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Title: The introductions of Demosthenes : a rhetorical analysis
Author: Harley, Robert Patterson
Awarding Body: University of Glasgow
Current Institution: University of Glasgow
Date of Award: 1989
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Abstract:
The aim of the thesis is to conduct a rhetorical analysis of the introductions of the speeches in the Demosthenic corpus and of the introductions in the collection of prooemia. The recommendations for introductions of the rhetoricians, Anaximenes and Aristotle, are itemized as numbered features so that they can be cited whenever they occur in Demosthenic introductions. The relevant research of modern authors on rhetorical style and introductions is considered. The first task of the thesis is to define the introductions of the speeches in the Demosthenic corpus and the parts of those passages in the collection of prooemia which constitute introductions. To facilitate this task lists were made of criteria which helped to indicate the point at which an introduction ends and the point at which the main part of a speech begins. To compile the lists an initial sample of orations 1-26 was considered. The rest of the speeches and the collection of prooemia were then subjected to the criterion test. Two of the speeches, orations 13 and 46, were found to have no introductions at all. While most of the prooemia are complete introductions some of them, pr. 1, pr. 2, pr. 24, pr. 27, pr. 29, pr. 30, pr. 31, pr. 35, pr. 37, pr. 40, pr. 41 and pr. 56, were found to combine an introduction with a few lines, or even a single sentence, that are equivalent to the beginning of the main part of a speech. Next, a preliminary survey was carried out to discover common themes that recur in introductions. The following themes were observed: 1. Justice and the record of one's life 2. Litigiousness 3. The speaker's disadvantage 4. Brevity 5. Divine support 6. The public interest A chapter of the thesis is devoted to analysis of individual introductions. Speakers' tactics are assessed with respect to three aims, the provision of preliminary statement, the securing of attention and the winning of goodwill. The arrangement of an introduction's contents is tabulated in terms of these three aims. The findings of the thesis are as follows: 1. Criteria exist which help to define the point at which an introduction ends. 2. Criteria exist which help to define the point at which the main part of a speech begins. 3. The collection of prooemia for the most part contains introductions which were composed to provide a supply of introductions to be available for use when occasion demanded. 4. The majority of the introductions of deliberative speeches are thematic. Some display a distinctness from their respective speeches that suggests that they were composed to be available for use and were then selected and attached to their respective speeches. Others are integral components of their speeches. The introductions of forensic speeches, with only three exceptions, are integral parts of their respective speeches. 5. There is evidence in the introductions of some of those speeches whose Demosthenic authorship is suspect which lends some support to the suspicions. 6. While the introductions of public forensic speeches contain some of the arguments that can be found in the introductions of deliberative speeches, they are more akin to the introductions of private forensic speeches so that it cannot be said that they are transitional to any great extent between the introductions of private forensic speeches and the introductions of deliberative speeches. 7. Although Demosthenes conforms to some of the recommendations of Anaximenes and Aristotle for introductions, there is not enough evidence to suggest that he has done this deliberately. As for the arrangement of an introduction's contents Demosthenes does not follow the patterns recommended by Anaximenes but employs more complex patterns. The designation of criteria, the division of certain prooemia into introduction and beginning of main part of speech, the observations on the relationship between introductions and their respective speeches, the discovery of evidence in introductions that confirms suspicions about Demosthenic authorship, and the comparison of Demosthenes' tactics in introductions with the recommendations of Anaximenes and Aristotle constitute contributions to knowledge.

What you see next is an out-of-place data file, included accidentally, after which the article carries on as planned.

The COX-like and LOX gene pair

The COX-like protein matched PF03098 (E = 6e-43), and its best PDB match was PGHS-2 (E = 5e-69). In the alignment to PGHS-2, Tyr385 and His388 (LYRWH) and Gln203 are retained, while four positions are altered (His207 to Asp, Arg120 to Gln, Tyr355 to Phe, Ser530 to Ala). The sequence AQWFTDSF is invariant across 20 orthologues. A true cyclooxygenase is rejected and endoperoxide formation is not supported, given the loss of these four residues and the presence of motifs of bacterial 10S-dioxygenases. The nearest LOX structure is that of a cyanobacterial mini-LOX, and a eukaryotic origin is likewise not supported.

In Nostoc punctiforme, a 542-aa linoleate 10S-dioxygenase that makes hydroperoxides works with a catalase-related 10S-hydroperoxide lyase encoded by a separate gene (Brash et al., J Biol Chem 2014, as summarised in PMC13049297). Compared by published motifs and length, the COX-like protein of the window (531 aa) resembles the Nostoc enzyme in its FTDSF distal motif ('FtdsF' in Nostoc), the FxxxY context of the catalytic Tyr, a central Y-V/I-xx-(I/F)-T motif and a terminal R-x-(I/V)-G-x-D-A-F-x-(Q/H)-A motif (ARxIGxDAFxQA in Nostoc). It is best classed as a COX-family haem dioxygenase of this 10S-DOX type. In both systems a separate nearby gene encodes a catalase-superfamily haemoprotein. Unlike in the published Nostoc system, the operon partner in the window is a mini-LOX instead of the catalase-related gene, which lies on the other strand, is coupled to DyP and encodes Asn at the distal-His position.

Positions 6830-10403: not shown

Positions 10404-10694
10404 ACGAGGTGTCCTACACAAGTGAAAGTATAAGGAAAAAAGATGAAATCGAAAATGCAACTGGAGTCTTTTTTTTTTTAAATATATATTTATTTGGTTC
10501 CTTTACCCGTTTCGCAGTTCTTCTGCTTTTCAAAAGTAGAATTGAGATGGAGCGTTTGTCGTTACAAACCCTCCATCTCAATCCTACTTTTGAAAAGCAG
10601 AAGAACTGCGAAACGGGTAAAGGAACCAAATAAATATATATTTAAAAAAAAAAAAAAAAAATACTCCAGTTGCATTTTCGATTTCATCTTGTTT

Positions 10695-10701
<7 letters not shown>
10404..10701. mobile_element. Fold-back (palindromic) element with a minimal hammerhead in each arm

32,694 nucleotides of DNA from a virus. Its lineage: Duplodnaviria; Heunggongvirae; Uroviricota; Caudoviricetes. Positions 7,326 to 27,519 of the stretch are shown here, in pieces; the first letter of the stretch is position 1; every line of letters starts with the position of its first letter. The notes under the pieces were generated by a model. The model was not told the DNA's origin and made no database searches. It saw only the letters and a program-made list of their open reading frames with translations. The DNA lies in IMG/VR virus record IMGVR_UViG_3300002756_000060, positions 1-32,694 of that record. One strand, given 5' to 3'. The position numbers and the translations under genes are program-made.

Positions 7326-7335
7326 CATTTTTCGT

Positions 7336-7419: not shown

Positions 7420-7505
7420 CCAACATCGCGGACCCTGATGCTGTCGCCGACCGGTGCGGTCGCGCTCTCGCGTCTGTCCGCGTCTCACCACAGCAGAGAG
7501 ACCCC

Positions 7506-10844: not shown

Supervisor: Not available Sponsor: Not available
Qualification Name: Thesis (Ph.D.) Qualification Level: Doctoral
EThOS ID: uk.bl.ethos.796252  DOI: Not available
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